Archives: The past history of blog posts. Also, a widget that displays links to older blog posts, sorted by month and year.
Akismet: software built into wordpress.com that automatically filters incoming comments to detect and remove spam.
Avatar: Small image or graphic displayed next to usernames in the comments section of a WordPress.com blog. Users can customize their avatar by using Gravatar.com, which connects automatically with WordPress.com.
Blogroll: collection of links that point to external websites recommended by a blog owner. The Links reside in the side bar and can lead to any type of side website, not just blogs.
Category: A method for logically organizing WordPress posts. Categories represent high-level, general classifications. Each WordPress post requires that a minimum of one category be assigned to it. Categories assist visitors and search engines to sort content. Categories are more general than tags.
CMS: Content Management System. Any software platform that makes it simpler for users to publish, organize, and manage information on the internet.
Comments: Feature in which site visitors can share their thoughts and ideas about the content of a post or page and can even reply to what other commenters have said.
Dashboard: Set of blog management screens used to configure and maintain a WordPress site. Also known as the “back-end” of a WordPress blog.
Hotlinking: Displaying an image into a web page by loading it directly from a third-party site. Though common, the practice is controversial, and it is always best to get permission from the other site owner first.
Kitchen Sink: An icon on the main formatting toolbar of the Edit Post or Edit Page screen. By clicking on the icon, an additional row of formatting and other tools appears.
More Tag: A WordPress-specific tag that can be inserted into a post to break the content into two sections. Only the first section will appear on the blog home page, requiring the visitor to click the link to read the full article.
Open Source: A platform of software development in which anyone can contribute to the modification and improvement of the product. The source code is published publicly and anyone is free to use, change, or distribute it. WordPress is an open-source product.
Page: A method of content creation in WordPress. Pages generally have static content and do not have dates or times associated with them. Unlike posts, pages cannot have categories and tags assigned to them, and new pages are not published in RSS feeds. A typical example of a page is an “About Me” page.
Permalink: The full URL of a WordPress post or page. It is automatically assigned when the post or page is created, but it can be manually edited via the Edit Post / Edit Page screen.
Plugin: A set of code that “plugs in” to a WordPress site that adds some functionality or capability. Available only in the self-hosted version of WordPress, not on WordPress.com sites.
Post: The main unit of content creation in WordPress. Each post is a blog-style entry with its own title. Each post has a date and time associated with it and posts are generally displayed in reverse chronological order (most recent on top) on the home page. Categories and tags can be assigned to posts. RSS feeds will include new posts.
RSS: Really Simple Syndication. A form of news feed that WordPress uses to send out new content automatically to subscribers.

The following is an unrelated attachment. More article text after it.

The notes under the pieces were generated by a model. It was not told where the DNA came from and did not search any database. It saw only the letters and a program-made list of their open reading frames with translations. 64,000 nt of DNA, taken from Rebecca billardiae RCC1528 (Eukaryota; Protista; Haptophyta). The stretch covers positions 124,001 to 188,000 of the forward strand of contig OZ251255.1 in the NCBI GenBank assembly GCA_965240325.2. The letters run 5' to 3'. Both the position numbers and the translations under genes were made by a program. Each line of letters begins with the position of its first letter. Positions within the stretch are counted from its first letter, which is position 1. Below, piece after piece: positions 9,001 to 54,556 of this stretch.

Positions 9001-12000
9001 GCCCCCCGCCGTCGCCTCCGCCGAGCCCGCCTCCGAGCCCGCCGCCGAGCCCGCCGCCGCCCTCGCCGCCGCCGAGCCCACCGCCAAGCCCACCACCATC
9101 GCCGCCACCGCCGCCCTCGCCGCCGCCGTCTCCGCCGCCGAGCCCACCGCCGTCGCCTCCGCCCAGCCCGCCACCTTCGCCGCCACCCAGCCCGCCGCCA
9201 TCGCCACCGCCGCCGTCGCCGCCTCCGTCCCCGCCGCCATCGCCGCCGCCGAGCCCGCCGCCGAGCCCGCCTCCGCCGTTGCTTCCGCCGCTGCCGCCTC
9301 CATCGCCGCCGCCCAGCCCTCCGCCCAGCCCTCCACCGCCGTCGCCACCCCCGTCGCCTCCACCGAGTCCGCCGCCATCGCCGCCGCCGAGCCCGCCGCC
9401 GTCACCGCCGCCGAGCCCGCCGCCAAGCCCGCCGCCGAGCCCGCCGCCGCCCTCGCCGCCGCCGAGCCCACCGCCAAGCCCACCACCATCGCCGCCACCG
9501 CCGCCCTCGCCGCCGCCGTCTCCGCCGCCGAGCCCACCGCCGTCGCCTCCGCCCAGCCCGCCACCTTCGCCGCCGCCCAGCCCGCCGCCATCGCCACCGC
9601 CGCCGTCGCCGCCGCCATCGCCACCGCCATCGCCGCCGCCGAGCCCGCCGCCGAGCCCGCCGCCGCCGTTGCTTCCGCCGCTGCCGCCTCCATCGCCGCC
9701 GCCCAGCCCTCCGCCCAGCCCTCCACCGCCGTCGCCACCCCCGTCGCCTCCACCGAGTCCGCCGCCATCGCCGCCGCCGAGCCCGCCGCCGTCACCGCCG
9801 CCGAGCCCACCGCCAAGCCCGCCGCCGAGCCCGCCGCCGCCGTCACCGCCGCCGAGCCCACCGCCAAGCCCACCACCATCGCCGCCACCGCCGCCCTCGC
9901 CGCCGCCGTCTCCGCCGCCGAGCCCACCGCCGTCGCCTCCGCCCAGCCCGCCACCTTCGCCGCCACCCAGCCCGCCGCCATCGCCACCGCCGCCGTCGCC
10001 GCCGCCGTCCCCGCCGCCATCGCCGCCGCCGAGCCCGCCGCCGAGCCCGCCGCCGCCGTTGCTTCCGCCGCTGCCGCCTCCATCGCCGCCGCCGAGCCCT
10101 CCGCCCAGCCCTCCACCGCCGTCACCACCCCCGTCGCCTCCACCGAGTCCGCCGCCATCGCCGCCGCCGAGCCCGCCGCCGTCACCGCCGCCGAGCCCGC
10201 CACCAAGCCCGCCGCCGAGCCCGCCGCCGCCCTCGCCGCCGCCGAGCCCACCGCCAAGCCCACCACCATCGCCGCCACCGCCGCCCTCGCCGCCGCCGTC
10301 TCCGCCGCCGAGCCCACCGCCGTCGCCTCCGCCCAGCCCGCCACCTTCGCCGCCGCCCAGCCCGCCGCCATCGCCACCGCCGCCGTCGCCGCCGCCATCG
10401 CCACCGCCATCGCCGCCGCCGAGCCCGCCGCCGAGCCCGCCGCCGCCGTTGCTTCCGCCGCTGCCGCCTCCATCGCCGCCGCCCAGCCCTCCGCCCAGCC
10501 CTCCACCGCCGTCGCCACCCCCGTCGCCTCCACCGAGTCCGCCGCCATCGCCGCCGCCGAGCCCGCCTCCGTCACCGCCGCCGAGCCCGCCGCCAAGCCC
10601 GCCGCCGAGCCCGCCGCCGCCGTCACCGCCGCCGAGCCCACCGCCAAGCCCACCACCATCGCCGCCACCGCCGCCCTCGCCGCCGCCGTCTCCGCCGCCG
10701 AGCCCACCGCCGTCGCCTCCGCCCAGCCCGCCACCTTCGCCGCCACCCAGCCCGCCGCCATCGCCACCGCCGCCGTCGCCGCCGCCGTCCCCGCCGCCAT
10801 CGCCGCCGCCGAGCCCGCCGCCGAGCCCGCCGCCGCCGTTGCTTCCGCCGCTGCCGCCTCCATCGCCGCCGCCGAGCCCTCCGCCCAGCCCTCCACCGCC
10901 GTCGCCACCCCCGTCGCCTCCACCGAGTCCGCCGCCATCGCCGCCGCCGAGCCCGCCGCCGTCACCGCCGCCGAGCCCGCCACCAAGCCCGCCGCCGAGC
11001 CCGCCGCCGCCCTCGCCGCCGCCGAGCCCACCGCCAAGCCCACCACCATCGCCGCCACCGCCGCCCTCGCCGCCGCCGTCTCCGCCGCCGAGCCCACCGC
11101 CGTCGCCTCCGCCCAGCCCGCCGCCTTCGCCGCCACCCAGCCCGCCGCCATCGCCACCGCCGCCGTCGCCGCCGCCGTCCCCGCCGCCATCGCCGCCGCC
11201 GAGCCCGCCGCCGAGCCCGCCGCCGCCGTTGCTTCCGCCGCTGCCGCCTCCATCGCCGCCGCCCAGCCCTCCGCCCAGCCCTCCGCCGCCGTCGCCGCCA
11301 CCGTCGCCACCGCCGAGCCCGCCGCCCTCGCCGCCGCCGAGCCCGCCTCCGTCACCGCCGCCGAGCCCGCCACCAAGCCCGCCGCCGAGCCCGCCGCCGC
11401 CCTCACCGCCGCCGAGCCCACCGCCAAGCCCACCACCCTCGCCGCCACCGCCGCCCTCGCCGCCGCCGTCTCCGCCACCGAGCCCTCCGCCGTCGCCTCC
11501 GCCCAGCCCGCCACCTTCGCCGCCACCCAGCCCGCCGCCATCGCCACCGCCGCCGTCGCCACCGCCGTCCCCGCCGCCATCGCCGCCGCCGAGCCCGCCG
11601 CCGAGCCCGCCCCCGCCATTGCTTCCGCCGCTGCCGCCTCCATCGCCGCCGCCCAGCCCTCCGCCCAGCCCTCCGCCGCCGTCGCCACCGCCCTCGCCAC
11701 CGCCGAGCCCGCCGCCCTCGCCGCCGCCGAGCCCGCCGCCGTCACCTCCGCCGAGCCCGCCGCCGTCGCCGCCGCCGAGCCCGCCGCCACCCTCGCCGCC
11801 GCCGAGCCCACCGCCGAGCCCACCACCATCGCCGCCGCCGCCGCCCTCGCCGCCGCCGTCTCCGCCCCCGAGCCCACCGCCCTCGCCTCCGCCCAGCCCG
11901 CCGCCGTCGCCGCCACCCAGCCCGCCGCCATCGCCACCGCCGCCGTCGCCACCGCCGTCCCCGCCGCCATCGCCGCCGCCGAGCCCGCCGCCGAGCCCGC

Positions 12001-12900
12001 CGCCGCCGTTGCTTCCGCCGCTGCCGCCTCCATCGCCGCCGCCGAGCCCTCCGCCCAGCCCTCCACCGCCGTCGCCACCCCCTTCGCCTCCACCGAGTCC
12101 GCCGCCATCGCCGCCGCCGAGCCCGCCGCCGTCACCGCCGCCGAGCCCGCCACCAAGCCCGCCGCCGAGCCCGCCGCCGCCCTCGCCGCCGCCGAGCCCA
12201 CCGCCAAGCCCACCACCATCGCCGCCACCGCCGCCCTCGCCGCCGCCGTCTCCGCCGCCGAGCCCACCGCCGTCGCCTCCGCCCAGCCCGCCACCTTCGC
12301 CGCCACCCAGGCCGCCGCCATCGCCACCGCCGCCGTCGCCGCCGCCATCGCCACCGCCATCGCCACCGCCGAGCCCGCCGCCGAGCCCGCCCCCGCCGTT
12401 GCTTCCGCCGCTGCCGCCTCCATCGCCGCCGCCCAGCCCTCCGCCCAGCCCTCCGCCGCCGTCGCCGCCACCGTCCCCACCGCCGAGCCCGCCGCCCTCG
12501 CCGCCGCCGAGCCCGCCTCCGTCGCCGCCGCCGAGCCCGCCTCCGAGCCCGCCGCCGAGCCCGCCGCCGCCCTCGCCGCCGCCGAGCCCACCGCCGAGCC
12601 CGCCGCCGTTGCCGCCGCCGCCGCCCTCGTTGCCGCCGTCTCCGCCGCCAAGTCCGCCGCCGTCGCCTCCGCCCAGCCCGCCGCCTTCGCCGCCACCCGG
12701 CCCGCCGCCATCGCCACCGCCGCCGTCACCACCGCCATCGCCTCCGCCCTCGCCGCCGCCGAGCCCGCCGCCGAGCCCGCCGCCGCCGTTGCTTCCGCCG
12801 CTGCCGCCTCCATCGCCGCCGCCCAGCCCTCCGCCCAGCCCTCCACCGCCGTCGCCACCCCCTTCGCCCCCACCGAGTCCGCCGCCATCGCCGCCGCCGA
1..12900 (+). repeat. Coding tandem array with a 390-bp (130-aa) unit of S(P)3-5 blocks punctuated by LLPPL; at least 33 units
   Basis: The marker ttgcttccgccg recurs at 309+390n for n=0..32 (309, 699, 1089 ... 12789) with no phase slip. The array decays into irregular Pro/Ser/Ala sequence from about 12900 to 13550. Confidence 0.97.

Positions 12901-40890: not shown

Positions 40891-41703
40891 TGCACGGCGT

Shortlink: A short and convenient URL that automatically redirects to the full URL of a WordPress post or page. Accessed from the Edit Post / Edit Page screen.
Sidebar: An optional vertical column of content (composed of individual widgets) that is present on every single page of a WordPress site. Can be located to the right or the left of the main content column.
Tag: An important keyword or term that helps describe the content of a post. Though not required for each post, bloggers are encouraged to apply tags, as they assist both visitors and search engines to determine the subject matter of a post. Tags are more specific in nature than categories.
Tag Cloud: Visual representation of all the tags applied in a blog’s history of posts. Those tags that have been most used appear nearer the center of the “cloud” and in larger font. Lesser-used tags remain on the periphery and in smaller fonts. Tag clouds give visitors an instant idea of what a blog is all about.
Tagline: Sentence or short phrase that further explains what a blog or site is about, and generally displays prominently near the Site Title. The tagline is set in the General Settings screen.
Theme: A set of graphics, colors, layouts, and fonts that can be applied to a WordPress site to change the visual presentation of the same underlying content. Each theme has its own features and limitations. Some themes in WordPress are free and some require paying a fee.
Site Title: The name of a blog. In WordPress, this title generally displays prominently at the top of the site. The site title is set in the General Settings screen.
WordPress.com: Version of WordPress that includes free hosting, backup, and maintenance. Bloggers can set up a new site quickly and easily on this platform, though it lacks some of the powerful features of the self-hosted version.
WordPress.org: Self-hosted version of WordPress in which the blogger is responsible for installing, configuring, maintaining, and backing up the WordPress site. Though the software platform is still free, the site owner is responsible for paying for web hosting and domain registration fees. This version of WordPress is more versatile and contains more features than WordPress.com.
Widget: A tool or application that can be placed into the sidebar to display customized content on a blog. Widgets can easily be added, rearranged, or removed from the sidebar via a drag-and-drop interface in the WordPress dashboard.